On August 17, 2016, during a broadcast of The O’Reilly Factor, host Bill O’Reilly claimed that Republican Presidential candidate Donald Trump has been “demonized” by black voters. Afterward, he condescendingly told black guests, attorney Andell Brown and Pastor Jacques De Graff that black voters would do better to choose Donald Trump over Hillary Clinton.
“Interestingly, according to the polls, Mr. Brown, only two percent – two percent – of African-Americans currently support Mr. Trump, so in any crowd, there’s not going to be very many of them. Although we certainly have had Trump supporters of color on here… but, I don’t understand why – and let’s take Trump out of the equation just for the moment, because Romney didn’t do well, and McCain didn’t do well with the African-Americans… single digits for both… So why isn’t the African-American community saying, ‘You know what? We had a black President who didn’t really help us very much. The Democratic Party hasn’t really helped us very much. Maybe we go supply-side economics and look for a guy who’s going to stimulate the economy that perhaps would be better.’ Why don’t they do that?”
Andell Brown replied:
“Well you also have to look at what Trump has said and done himself, not necessarily being, as you put it, demonized, where, in November 2015, Trump reTweeted a very highly inaccurate, casting African-Americans in a bad light Tweet that said ‘Black people killed 81% of white people.’ I mean, that was just totally inaccurate. You even addressed it on your show, Bill.”
O’Reilly then interrupted Brown, putting his hand up and conceded:
“O.K., Let me… let me just… Yes, and I said Mr. Trump was foolish to quote, ‘reTweet’ a fallacious stat.”
Right then and there, Brown jumped back in and asked for O’Reilly’s thoughts on Trump’s perspective toward black people, and O’Reilly shouted over him:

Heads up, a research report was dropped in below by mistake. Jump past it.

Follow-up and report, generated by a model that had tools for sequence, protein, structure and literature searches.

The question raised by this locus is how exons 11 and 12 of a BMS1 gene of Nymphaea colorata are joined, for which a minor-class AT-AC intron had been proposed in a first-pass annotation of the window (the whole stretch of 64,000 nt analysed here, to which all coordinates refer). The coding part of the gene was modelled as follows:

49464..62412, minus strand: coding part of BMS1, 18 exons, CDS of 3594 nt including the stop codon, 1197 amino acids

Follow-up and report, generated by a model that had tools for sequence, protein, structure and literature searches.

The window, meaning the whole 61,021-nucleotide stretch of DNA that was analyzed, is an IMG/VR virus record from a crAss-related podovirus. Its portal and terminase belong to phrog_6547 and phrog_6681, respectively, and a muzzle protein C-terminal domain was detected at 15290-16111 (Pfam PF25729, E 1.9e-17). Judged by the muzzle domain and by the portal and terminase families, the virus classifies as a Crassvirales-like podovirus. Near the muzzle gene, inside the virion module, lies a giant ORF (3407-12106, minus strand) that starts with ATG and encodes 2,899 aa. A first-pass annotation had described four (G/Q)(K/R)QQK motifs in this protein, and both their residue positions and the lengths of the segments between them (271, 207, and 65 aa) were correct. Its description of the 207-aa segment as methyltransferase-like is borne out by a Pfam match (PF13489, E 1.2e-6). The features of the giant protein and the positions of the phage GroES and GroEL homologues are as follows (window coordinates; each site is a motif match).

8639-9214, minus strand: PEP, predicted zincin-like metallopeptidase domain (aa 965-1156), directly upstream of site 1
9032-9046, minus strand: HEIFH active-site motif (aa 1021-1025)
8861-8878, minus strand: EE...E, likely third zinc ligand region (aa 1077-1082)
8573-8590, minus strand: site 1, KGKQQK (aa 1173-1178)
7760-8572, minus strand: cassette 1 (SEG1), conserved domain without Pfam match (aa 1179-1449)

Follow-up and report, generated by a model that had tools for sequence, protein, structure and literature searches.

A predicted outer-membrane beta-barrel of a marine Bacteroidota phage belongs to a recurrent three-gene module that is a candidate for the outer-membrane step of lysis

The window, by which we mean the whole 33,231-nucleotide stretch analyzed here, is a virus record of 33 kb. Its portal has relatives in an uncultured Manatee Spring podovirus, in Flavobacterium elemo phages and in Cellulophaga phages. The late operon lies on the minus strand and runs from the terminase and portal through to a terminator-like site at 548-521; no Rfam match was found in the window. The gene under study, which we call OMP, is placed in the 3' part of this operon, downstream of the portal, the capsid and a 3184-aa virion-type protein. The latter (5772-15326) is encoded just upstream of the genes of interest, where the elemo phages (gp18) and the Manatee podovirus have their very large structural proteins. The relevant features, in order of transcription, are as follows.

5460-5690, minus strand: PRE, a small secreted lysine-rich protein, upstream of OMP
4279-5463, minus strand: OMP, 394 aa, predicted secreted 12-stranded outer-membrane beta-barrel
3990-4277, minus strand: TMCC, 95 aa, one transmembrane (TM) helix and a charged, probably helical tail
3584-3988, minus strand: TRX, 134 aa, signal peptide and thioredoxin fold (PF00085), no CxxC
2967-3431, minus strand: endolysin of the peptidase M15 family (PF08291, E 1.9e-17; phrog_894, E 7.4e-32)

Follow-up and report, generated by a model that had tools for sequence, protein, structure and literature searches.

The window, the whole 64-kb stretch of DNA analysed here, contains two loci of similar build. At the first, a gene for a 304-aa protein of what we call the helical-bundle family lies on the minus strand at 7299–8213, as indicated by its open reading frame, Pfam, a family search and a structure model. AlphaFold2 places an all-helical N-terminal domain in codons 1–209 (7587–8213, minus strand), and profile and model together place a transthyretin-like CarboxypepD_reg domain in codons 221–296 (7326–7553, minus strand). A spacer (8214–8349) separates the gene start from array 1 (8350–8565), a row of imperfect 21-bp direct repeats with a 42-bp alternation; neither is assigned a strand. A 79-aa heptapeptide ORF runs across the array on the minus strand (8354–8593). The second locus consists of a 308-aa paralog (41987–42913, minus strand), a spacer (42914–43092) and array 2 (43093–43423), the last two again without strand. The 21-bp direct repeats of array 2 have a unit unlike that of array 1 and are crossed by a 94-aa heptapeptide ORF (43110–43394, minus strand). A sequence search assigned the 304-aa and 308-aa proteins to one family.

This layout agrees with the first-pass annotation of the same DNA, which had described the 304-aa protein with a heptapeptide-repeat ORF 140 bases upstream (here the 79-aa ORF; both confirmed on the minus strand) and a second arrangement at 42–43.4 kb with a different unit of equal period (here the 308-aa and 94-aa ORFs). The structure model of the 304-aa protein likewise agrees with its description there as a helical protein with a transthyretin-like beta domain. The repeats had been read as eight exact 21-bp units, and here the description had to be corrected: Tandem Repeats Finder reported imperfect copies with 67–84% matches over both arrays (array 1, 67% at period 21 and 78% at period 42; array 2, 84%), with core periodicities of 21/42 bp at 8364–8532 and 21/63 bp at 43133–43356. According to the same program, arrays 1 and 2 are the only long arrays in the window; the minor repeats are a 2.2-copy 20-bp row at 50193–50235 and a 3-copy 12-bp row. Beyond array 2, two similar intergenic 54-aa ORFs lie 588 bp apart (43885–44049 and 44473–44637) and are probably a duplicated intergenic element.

“If I were an African-American guy, I would have been outraged! But again, I’m trying to transcend Trump and go to the policies that aren’t working for the African-American community. It’s obvious they’re not working. It’s obvious. You have economics, you have education…”
After Brown pointed out that in an election, people must look at both sides, O’Reilly piped up:
“Well, they’re not! The African-Americans are not looking at both sides! They’ve written Trump off. I think that’s pretty clear!”
Pastor DeGraff responded:
“Because Trump and the Republican Party… it’s not just Trump as you’re indicating…the House of Representatives has blocked everything the President has been trying to do for eight years… the Affordable Care Act… it passed, in spite of them and it passed with compromises on a state-by-state level.”
Though O’Reilly claimed that the Affordable Care Act is in distress “because of the spending level that the federal government has put out there, so working class black families are paying far more for health insurance while some poor Americans get it free,” under the legislation, from 2013 to 2014 the number of black people with health insurance increased by 5.1 percent, the third highest demographical gain.
Following O’Reilly’s patronizing remark that black people end up paying more for health insurance, Rev. DeGraff, with justifiable anger in his eyes, snapped back:
“Black Americans, like any other group in America, are capable of determining their own best interest and black Americans don’t have a relationship with the Republican Party because of the hostile environment that they’ve fostered for eight years.”
To be sure, it comes as no surprise that as of August 14, 2016, only one percent of blacks polled by Fox News would vote for Donald Trump. Not only has he been observed in private insinuating that he doesn’t trust the black accountants keeping his books, insinuated that President Obama was born in Kenya instead of Honolulu Hawaii and reTweeted a racially motivated false crime statistic at the expense of black people, he also called for the execution of the Central Park Five, a group of black teenagers wrongfully accused of beating, stabbing and raping a 28-year-old white investment banker. All of the above considered, he’s lucky to get a measly percent.
On the other hand, as Andell Brown pointed out during the discussion, the removal of the distinction between crack cocaine and powder cocaine under the Fair Sentencing Act, signed into law by President Obama on August 3, 2010, has lessened the harm done to the black community through fewer blacks being over-sentenced for possession of the drug, therefore giving black voters a favorable impression of the Democratic Party.
Featured image: Bill O’Reilly (Mediaite via YouTube).